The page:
I found these delightful self-watering containers at a local hardware store. I always begin the growing season with the good intention for watering my plants regularly. Slowly but surely, as the season moves into the hot and sticky months, my intentions are quickly forgotten and my garden begins to fade. I’m hoping these little babies will help me find success this year.
As I was preparing for a weekend get together with some out-of-town visitors, I picked up a tray of precut vegetables to serve with ranch dip for a poolside snack. The tray included an assortment of broccoli, cauliflower, carrots, and snow peas. While the vegetable tray was a big hit among our guests, having other sweet and delicious snacks left me with a few extra vegetables when it was time to clean up. …No worries, as I could always use the left overs for a big summer night pasta salad. In fact, using the precut veggies can really save time in the kitchen. Searching the fridge for other left over ingredients, here’s the impromptu recipe that I pulled together:
Summer Night Pasta Salad
1 pound fun-shaped pasta
2 tablespoons Italian seasoning (basil, oregano, sun dried tomato mix)
1 (16 ounce) bottle Marzetti Sweet Italian Dressing, or to taste
2 cups tomatoes, diced (sprinkled with a little salt, optional)
2 yellow bell pepper, chopped
1 cup chopped broccoli
1/2 cup chopped carrots, optional
6 ounces precooked summer sausage, chopped
1 cup mozzarella cheese
In a large pot of salted boiling water, cook pasta until al dente, rinse under cold water and drain. Whisk together the Italian seasoning and Italian dressing.
In a large salad bowl, combine the pasta, vegetables, and sausage. Pour dressing over salad; toss. Sprinkle with mozzarella and refrigerate overnight.
As the summer sun ripens a delicious array of fruits and vegetables, I make sure that nature’s bounty takes center stage at the kitchen table. Living in the Midwest, we have so few months during the course of the year where we can have locally grown foods literally sitting at our doorstep. Backyards, gardens and farms throughout the county have the opportunity to produce foods situated in patio pots, raised beds, trellising on garden fences and planted in rows along county roads.
As I was mowing the lawn last week, I spied the beginning of a few delicious looking pears that I can’t wait to harvest when they are ready. My grapes are coming along nicely. I have gathered and prepared several generous heads of romaine lettuce, lots of sweet peppers, and fresh herbs. Nothing compares to the flavors of fresh picked fruits and vegetables that accompany family meals carefully prepared from scratch.
We’ve also started raising bees as a hobby and as a source for our own golden delicious honey. Planting patio pots with wild flower seeds and leaving our land as natural as possible will provide them a source of food as well.
This morning I made a batch of granola clusters to accompany many of the fruits that I grew or purchased from a local farm. A dollop or two of plain yogurt finishes off the dish. (The peaches aren’t quite in season yet so I suppose, there are a few things in the dish that I am hopelessly awaiting as the season continues to bring us an abundance of delicious and nutritious delicacies.)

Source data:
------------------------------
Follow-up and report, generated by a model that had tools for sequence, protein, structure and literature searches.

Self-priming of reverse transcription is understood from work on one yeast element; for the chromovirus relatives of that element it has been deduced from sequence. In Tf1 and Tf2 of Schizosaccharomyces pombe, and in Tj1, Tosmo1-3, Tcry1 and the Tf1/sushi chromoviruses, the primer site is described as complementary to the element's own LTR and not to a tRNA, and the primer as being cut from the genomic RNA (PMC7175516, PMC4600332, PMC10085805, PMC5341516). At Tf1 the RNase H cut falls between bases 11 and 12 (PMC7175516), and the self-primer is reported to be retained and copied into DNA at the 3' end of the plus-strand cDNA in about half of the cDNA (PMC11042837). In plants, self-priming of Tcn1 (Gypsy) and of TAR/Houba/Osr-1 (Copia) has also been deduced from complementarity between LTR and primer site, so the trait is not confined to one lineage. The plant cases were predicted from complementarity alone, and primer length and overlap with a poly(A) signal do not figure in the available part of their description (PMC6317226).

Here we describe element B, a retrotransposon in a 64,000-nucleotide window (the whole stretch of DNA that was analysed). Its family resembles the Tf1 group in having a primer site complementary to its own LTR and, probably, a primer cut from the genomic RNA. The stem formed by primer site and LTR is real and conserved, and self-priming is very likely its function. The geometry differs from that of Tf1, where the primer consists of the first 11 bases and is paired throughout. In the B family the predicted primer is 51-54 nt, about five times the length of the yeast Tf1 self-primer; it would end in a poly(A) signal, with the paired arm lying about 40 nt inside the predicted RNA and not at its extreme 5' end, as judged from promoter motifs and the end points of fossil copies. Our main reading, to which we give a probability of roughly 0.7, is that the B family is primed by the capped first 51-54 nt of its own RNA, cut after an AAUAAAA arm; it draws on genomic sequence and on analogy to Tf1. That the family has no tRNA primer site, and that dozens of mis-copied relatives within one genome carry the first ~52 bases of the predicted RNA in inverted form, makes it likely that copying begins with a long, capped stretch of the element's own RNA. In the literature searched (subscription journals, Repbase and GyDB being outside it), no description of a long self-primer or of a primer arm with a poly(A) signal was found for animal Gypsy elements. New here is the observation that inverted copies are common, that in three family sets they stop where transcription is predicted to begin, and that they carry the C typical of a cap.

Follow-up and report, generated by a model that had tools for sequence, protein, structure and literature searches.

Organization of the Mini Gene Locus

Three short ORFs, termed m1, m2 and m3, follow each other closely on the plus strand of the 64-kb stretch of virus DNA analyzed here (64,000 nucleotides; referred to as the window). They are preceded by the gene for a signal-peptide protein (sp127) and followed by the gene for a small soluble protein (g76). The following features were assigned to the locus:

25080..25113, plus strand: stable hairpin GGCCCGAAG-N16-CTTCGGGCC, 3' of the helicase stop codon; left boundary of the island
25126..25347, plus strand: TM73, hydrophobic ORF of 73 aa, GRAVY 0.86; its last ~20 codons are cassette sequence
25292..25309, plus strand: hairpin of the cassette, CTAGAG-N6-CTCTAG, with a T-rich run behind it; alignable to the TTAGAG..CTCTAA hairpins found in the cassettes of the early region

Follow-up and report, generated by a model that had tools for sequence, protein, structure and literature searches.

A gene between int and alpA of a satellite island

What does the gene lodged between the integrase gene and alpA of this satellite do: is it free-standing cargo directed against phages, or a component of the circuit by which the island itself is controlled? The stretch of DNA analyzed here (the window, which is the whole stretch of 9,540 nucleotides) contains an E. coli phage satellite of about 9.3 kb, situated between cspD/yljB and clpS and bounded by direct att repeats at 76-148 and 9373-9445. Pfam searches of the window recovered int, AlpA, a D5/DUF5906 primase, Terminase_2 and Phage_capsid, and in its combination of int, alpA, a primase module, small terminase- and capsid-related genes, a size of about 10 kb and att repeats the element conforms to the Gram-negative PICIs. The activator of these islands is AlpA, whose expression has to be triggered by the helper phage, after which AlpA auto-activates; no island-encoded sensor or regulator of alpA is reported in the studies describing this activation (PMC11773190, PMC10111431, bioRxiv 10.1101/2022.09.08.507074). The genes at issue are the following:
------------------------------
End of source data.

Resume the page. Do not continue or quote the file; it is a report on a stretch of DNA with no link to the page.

Here’s to bright warm days and unpredictable summer rains… This is definitely one of my most favorite times of the year.
Honey Granola Clusters
1/2 cup canola oil
1/2 cup honey
1/3 cup light brown sugar
1 tbsp. vanilla extract
1/2 tsp. salt
1/2 teaspoon cinnamon
5 cups old fashioned oats
1 cup chopped nuts (walnuts, hazelnuts, pecans, whatever you prefer)
1 cup dried fruit (raisins, dried cranberries, dried apples, whatever you prefer)
Preheat oven to 325 degrees. Grease or line a 11 x 17″ baking sheet with parchment paper.
In a large bowl, whisk oil, honey, brown sugar, vanilla, salt and cinnamon until sugar is dissolved and oil is well incorporated. Add in the oats, nuts and dried fruit; mixing well.
Pour the oat mixture onto the baking sheet and spread it out into an even layer, firmly packing the oat mixture into the baking sheet.
Bake for 30 minutes, rotating the pan half way through cooking. Remove from oven and let the granola cool at room temperature for at least one hour.
Use a small spoon to scoop up the granola off of the baking sheet using the spoon to break the granola into clusters. Store at room temperature in an airtight container.
Make these ahead of time; cover them to store in the fridge for a few hours.
When strawberries are in season, I usually try to make several batches of fruit leather for my family. Rolling strawberry fruit leather on wax paper strips makes for a delicious, nutritious, summer treat.
On my daily drive home from work, I pass a local strawberry farm so I usually stop by to pick up a few buckets of fresh berries. There are lots of recipes for fruit leather, many encourage the addition of sugar and lemon juice. For me, I’d rather find the sweetest, freshest berries possible, pulse them in a blender, and pour them into trays to dehydrate. Simple and sweet, a pure delight. Here’s what I do…
Start with sweet fresh berries… Mine are freshly picked
Dry at 135 degrees for 4-8 hours. Using your finger, press to make a small indentation in the fruit leather. It should not be wet or sticky. It should be tacky. Check in a few areas around the fruit leather disk. Peel the disk off of the silicone sheet while still warm. Lay on a sheet of waxed paper.